Fat Mike: Eric [Melvin, guitar] and Eric [Sandin, drums] were, but I wasn’t. They had Xs on their hands. They threw away my 40 oz.
Gurewitz: That’s okay, because Brian Baker was, and he’s been known to see the bottom of a bottle [since then].
Mike: As far as signing acts, it seems like you mostly sign your friends and peers, while Brett didn’t grow with, say, Bring Me The Horizon.
Fat Mike: No, he fathered them. [Laughs.]
Gurewitz: Not only that, but I sign different kinds of music to [Epitaph and Anti-] now. What ends up happening is a label always starts with some kind of context. If you take what Epitaph and Fat did in the early days, you could pick any one band on either label and say, “If I like that band, I’ll probably like this band, too.” But in order to go past your adolescent stage and become a mature label, you have to diversify. Atlantic Records started as a rhythm and blues label and it’s still around because they diversified at some point. Same thing with Motown.
Fat Mike: But we didn’t fall into that category because Fat still has the same sound, but every five years we get lucky and find a band like Against Me! or Rise Against who sound different, but are in the same genre. A Fat Wreck Chords band may sound like the Clash or it might sound like Discharge, but you pretty much know what you’re getting.
Gurewitz: I made the decision in ’90 to just be a great and successful record label. I felt that the ‘90s skate-punk sound was nostalgic at that point and just because I loved it, I didn’t think it should limit me in terms of what I put out. I just didn’t want to be limited by punk; I like punk okay, but I hardly listen to it anymore.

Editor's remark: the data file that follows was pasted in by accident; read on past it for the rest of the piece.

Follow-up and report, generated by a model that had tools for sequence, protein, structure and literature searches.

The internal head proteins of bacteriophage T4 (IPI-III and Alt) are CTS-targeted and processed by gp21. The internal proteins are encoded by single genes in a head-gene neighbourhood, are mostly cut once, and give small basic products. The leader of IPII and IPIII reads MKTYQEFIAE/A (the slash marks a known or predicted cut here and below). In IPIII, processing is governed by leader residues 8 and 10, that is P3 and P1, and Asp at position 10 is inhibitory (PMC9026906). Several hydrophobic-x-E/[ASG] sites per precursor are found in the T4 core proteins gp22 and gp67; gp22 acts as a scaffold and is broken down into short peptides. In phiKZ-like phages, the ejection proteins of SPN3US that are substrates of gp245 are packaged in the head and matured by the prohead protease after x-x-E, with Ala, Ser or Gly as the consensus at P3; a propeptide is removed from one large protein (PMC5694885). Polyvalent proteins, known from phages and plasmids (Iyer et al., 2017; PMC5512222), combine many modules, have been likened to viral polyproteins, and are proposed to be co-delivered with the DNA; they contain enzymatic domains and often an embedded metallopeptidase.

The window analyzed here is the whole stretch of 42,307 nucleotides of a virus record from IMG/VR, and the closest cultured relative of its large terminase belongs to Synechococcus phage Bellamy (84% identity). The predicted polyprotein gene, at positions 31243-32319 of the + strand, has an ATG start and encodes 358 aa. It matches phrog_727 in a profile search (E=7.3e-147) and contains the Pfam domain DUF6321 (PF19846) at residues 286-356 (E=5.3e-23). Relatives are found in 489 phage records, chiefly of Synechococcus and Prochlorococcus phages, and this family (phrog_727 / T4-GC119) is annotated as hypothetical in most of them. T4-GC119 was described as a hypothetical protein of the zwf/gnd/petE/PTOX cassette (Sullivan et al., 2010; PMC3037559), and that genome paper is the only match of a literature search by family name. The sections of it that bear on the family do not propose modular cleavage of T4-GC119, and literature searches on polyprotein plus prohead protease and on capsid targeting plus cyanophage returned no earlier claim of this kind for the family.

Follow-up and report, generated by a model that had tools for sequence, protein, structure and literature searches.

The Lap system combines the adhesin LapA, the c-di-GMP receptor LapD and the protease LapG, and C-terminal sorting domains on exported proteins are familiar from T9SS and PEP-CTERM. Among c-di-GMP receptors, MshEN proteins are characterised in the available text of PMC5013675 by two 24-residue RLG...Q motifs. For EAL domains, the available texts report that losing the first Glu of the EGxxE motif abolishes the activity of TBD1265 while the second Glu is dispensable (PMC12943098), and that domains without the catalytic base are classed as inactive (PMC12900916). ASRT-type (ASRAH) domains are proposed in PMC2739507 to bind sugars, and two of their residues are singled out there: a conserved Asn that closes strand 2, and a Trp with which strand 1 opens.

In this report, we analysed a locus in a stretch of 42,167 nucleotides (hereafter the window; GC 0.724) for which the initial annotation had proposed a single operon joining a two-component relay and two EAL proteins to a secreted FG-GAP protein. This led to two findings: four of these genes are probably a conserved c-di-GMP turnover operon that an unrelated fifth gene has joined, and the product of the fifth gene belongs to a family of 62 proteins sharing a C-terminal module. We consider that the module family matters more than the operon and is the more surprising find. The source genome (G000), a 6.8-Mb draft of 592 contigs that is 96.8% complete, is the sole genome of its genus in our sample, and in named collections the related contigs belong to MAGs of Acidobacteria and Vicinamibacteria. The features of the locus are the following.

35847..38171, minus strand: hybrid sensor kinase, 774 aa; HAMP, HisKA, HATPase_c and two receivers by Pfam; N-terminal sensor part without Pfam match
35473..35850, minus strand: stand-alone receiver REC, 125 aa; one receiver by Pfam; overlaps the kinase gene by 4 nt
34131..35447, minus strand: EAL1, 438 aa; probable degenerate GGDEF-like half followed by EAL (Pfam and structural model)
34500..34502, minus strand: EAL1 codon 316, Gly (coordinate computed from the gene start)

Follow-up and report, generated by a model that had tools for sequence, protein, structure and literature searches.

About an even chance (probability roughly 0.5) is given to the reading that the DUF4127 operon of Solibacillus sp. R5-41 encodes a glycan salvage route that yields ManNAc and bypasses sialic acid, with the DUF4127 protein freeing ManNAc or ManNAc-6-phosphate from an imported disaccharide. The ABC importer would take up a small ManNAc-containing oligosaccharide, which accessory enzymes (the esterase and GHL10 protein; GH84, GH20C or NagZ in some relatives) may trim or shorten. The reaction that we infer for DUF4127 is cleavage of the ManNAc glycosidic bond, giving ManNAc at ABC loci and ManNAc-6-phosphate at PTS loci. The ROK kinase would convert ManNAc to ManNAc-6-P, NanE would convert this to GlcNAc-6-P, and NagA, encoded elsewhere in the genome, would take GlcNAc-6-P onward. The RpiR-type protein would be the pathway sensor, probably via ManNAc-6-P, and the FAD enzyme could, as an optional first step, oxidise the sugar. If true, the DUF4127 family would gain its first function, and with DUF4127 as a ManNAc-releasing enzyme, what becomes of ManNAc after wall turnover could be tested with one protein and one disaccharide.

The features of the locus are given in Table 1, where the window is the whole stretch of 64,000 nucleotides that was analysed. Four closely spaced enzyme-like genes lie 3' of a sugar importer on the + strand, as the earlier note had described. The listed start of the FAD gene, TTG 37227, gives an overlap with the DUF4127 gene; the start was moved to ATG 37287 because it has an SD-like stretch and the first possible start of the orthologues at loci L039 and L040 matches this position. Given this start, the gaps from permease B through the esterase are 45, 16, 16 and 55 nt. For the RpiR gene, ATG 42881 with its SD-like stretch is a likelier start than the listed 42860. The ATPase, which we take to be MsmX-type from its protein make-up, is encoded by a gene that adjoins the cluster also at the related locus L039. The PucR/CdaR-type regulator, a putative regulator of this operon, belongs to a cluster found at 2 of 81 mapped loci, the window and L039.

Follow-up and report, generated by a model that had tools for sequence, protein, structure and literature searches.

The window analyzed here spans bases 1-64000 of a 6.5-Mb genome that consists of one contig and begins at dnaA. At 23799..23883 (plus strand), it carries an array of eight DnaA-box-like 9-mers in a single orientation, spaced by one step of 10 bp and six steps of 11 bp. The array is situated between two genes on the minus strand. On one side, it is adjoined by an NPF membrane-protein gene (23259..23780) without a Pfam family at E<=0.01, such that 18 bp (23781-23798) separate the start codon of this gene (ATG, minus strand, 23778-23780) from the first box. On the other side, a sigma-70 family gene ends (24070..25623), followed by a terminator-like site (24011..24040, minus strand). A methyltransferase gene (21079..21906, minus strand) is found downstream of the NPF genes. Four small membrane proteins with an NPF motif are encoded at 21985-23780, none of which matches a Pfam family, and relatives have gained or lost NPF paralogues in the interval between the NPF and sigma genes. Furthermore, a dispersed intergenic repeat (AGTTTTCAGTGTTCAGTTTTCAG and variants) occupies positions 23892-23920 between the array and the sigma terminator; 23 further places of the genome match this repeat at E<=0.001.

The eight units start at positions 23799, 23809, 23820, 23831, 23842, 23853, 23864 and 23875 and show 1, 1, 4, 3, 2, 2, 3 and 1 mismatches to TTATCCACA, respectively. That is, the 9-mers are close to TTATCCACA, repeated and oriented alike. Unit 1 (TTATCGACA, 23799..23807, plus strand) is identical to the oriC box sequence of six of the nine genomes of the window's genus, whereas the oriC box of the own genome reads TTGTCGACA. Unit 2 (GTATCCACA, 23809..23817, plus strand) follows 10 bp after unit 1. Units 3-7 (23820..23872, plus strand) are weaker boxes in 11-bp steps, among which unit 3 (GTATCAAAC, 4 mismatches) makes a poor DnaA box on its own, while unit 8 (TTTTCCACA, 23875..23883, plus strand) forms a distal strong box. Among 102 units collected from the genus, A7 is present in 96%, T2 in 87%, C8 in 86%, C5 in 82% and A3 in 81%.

Fat Mike: Yeah, I still fucking do. I still go to punk shows and listen to punk records all the time. It’s ridiculous. I have blue hair; I’m 43. I’m the corner pizzeria that’s always been successful: Sometimes I might add a new topping or a calzone, but stress is my enemy. Which is why I really respect what Brett has done with his business over the years.
Do you think there could ever be another Fat or Epitaph?
Gurewitz: Well there is another Fat or Epitaph but it’s called DFA or Secretly Canadian. It’s happening all the time, and it’ll keep happening because that’s how cool labels come about.
Mutual Admiration Society
Fat Mike and Mr. Brett pick their favourite records from each other’s labels
Bad Religion – Against The Grain
“Suffer was amazing, but Against The Grain has more great songs. Suffer was like a punch in the face, but the songwriting on Against The Grain is way more developed.” – Fat Mike
NOFX – The Decline EP
“It’s such a great song with super-innovative production. To me, The Decline was like the shape of skate-punk to come.” – Mr. Brett
Randy – The Human Atom Bombs
“The Human Atom Bombs is my most-listened album on Epitaph. I don’t know what it is, but it’s one of my favorite albums of all time. I just love that record.” – Fat Mike
Against Me! – As The Eternal Cowboy
“Their first record on fat is the one that pretty much cemented them as keystones of the punk scene at the time. It’s original, innovative and still sounds like nothing else before it or since.” – Mr. Brett
Rancid – …And Out Come The Wolves
“You could put any great album against …And Out Come The Wolves and it would be a battle, because it’s one of the best punk albums of all time. I think it’s better than any NOFX record.” – Fat Mike
Rise Against – The Unraveling
“Their debut album and one of my favorites, loaded with catchy, high-intensity songs.” – Mr. Brett
Interview image(s) added: Bad Religion interview
German transcript updated: Bad Religion interview
Article image(s) added: Bad Times issue #7
Article image(s) added: Bad Times issue #8
Article image(s) added: Bad Times issue #9
Article image(s) added: Bad Times issue #6
English transcript updated: Bad Religion’s Brian Baker on touring in the 'Age of Unreason'
English transcript updated: Bad Religion revels in being ‘the thinking man’s punk band’
Interview image(s) added: Das Paradoxon des Punk
German transcript added: Das Paradoxon des Punk
Review image(s) added: Age Of Unreason
German transcript added: Age Of Unreason